The massacre in Charleston, S.C., on Wednesday night would appear to bring together a series of the most unfortunate American traditions and trends.

Already declared a possible hate crime by local law enforcement and the U.S. Justice Department, it also involves a mass shooting inside a church that exists because of historical white resistance to treating black worshipers on equal terms — and a willingness to enforce those divisions with violence. That the shooting happened at Emanuel African Methodist Episcopal Church, a South Carolina institution founded in part by a man later hanged for planning a slave insurrection and led by a now-slain South Carolina state senator, the Rev. Clementa Pinckney, only adds to the complexity and extent of the tragedy.

Pinckney, whom the shooter reportedly sought when he entered the church, was an outspoken advocate of police-worn body cameras -- a technological attempt at addressing the issues of inequality and injustice that have vexed this country since its very beginnings. And so it would seem possible that a mass shooting at a black church in Charleston might also involve a challenge to the emerging consensus on policing the police -- along with the burgeoning idea that, as protesters from Ferguson, Mo., to North Charleston have repeated: "Black lives matter."

This and much else, of course, remains unknown about the shooting at Emanuel AME. Why did the shooter walk into Emanuel AME to begin with? Why did he reportedly ask for Pinckney and sit near him for about an hour before initiating carnage? But law enforcement officials are comfortable enough to describe it all, even at this early juncture, as a hate crime.

In 2013, the most recent year for which national hate crime data is available, police departments around the country reported a total of 5,928 such incidents to the FBI. Hate crimes are generally defined as those in which a person was driven to break various laws -- including commit murder, arson and/or other violent crimes -- by animus toward an entire group or population. The nation's hate crime data, which many civil rights organizations have long complained is incomplete because it relies on local law enforcement agencies to recognize and report incidents to the FBI, offers only a partial look at the landscape of hate and division in the United States.

But the patterns within it do offer some important clues.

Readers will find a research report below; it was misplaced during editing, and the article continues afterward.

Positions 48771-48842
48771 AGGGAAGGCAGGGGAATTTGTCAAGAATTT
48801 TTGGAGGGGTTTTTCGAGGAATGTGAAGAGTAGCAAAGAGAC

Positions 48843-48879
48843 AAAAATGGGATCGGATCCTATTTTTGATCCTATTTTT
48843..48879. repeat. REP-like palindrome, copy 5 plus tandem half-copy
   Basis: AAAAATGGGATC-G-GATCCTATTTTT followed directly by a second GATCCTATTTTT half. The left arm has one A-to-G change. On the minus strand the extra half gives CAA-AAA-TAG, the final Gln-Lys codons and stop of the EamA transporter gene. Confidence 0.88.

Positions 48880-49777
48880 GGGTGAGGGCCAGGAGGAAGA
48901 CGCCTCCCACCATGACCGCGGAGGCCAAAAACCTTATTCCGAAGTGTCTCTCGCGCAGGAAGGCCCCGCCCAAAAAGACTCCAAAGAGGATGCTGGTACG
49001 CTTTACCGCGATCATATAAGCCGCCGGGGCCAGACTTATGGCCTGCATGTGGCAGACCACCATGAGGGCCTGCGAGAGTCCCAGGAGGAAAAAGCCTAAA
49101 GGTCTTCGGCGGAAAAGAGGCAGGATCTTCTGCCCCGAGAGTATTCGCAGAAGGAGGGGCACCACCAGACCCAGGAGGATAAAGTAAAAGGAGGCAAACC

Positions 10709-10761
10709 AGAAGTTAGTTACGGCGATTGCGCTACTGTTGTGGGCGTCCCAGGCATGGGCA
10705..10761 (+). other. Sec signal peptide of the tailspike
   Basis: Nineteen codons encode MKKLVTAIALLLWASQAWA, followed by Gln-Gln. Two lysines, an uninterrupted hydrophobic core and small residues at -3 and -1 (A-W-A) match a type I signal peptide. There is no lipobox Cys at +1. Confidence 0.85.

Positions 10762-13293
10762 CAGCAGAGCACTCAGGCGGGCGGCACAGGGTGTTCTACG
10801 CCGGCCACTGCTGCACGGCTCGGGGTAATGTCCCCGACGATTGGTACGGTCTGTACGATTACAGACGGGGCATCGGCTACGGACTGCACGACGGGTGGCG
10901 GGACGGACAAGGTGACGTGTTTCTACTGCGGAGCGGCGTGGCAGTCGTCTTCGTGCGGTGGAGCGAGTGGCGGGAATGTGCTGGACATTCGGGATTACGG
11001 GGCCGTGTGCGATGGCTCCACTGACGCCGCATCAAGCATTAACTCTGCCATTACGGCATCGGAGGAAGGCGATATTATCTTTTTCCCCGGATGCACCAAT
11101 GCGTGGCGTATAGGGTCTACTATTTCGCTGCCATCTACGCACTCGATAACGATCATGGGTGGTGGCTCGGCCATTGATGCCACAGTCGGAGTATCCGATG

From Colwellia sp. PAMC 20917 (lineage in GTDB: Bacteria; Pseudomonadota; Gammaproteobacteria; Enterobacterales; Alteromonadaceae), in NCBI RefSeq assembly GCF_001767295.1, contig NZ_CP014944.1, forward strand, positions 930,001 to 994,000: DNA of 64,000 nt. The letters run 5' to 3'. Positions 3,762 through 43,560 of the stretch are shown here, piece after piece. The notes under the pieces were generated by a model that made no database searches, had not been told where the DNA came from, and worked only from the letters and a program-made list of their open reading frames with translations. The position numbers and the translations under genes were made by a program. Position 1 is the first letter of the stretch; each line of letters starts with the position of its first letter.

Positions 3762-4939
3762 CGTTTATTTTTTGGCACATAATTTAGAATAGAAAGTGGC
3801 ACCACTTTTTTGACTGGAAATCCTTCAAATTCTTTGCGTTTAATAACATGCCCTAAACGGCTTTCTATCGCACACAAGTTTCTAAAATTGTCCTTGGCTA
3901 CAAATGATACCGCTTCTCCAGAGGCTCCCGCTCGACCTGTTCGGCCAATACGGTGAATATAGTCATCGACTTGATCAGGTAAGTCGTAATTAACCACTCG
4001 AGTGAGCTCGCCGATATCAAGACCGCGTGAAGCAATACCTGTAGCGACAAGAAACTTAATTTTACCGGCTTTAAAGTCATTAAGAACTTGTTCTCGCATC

Of the thousands of hate crimes reported in 2013, nearly half (48.5 percent) involved crimes motivated by racial animus, and another 17.4 percent were driven by some form of religious intolerance. It is unclear how many, like the incident at Emanuel AME, might have involved some elements of both. White perpetrators of hate crimes -- many of them young and male like the just-apprehended accused Emanuel AME church shooter, Dylann Storm Roof -- were involved in the majority of both types of crime.

And in the wake of the shooting at Emanuel AME, it might also be worth noting that one of the nation's earliest attempts to address hate crime and acts of domestic terrorism was also a matter involving race. In 1871, Congress passed a law known as the "Ku Klux Act," giving President Ulysses S. Grant broad latitude, including via martial law, to track down and punish members of the white-supremacist Ku Klux Klan. At the time, the group had made a habit of harassing and often brutally murdering African Americans, but also Republicans of all races because of their views on political issues involving race.

One of the group's favored tactics involved the singling out of outspoken black individuals and community leaders, subjecting them to horrific torture and then, leaving behind said person's mutilated corpse. The tactic had two aims: (1) to silence the outspoken; (2) to discourage those left alive from emulating the dead. It was a form of organized physical violence with strong psychological elements. It was domestic terrorism.

Today, Charleston would appear to be a community touched by many of the problems of America's present -- and its past.